U.S. trying to counter ISIS's efforts to lure alienated young Muslims

Still, community leaders are so fearful their youths may follow the Islamic State’s propaganda that, during a 90-minute meeting with more than 60 local leaders, police officers and advocates, they pressed Mr. Johnson to prove the government is sincere in its offers of help.

Lila Al Sibai, a 28-year-old mother of three young children and a member of the cultural center’s board, asked for a $4 million federal grant to build a new gym and classrooms for the facility. “We need to have more activities for our youth,” she said after the meeting in this suburb of Columbus, which is the home of the country’s second-largest Somali-American community, behind only Minneapolis.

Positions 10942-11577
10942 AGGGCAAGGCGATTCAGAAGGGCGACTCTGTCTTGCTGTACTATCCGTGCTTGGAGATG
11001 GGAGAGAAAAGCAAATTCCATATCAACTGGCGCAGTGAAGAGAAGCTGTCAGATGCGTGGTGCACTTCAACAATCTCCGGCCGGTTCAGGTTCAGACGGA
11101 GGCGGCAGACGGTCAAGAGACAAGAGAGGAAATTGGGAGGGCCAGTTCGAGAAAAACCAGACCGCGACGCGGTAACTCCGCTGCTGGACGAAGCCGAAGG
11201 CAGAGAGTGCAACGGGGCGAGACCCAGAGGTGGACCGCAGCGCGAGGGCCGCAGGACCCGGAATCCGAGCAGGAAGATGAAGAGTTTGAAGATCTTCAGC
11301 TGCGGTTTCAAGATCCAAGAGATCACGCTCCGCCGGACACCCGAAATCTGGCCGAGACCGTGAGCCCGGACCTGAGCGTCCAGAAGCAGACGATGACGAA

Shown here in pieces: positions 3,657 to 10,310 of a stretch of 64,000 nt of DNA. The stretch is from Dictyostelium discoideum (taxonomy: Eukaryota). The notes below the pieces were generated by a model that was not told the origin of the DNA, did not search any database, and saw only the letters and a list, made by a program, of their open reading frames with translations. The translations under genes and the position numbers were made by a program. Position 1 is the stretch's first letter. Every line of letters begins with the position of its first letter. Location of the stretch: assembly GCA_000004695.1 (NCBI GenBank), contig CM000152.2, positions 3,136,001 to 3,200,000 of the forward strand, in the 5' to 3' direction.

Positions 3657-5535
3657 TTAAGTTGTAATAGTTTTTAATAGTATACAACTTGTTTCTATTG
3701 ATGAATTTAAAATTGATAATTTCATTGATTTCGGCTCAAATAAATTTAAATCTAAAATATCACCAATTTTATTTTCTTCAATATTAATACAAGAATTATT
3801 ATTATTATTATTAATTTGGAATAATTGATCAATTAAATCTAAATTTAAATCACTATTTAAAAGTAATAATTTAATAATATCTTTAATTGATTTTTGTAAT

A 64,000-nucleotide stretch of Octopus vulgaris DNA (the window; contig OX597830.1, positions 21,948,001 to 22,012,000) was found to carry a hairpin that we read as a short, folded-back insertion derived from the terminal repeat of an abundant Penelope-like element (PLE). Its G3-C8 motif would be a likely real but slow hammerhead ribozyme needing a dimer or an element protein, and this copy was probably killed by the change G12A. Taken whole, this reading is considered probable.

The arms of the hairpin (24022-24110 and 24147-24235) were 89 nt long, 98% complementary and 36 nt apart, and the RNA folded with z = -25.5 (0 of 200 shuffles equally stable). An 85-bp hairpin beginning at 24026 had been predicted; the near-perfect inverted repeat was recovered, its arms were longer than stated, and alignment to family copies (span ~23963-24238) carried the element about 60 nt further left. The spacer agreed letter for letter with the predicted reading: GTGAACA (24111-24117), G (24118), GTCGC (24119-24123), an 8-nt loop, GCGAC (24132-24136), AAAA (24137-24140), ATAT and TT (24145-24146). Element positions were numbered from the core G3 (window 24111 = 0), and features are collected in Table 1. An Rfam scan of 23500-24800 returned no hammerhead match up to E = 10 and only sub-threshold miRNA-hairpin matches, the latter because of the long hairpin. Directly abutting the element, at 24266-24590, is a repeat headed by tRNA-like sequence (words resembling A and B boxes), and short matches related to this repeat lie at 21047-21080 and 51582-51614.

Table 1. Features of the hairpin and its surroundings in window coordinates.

Mr. Saqr, the youth coordinator, suggested that Mr. Johnson’s agency offer a prize to the best countermessage to the Islamic State’s propaganda.

“Our youth are being hoodwinked and hijacked by their rhetoric,” he said. “We cannot just say ISIS is bad. That’s not an option. We need an outlet.”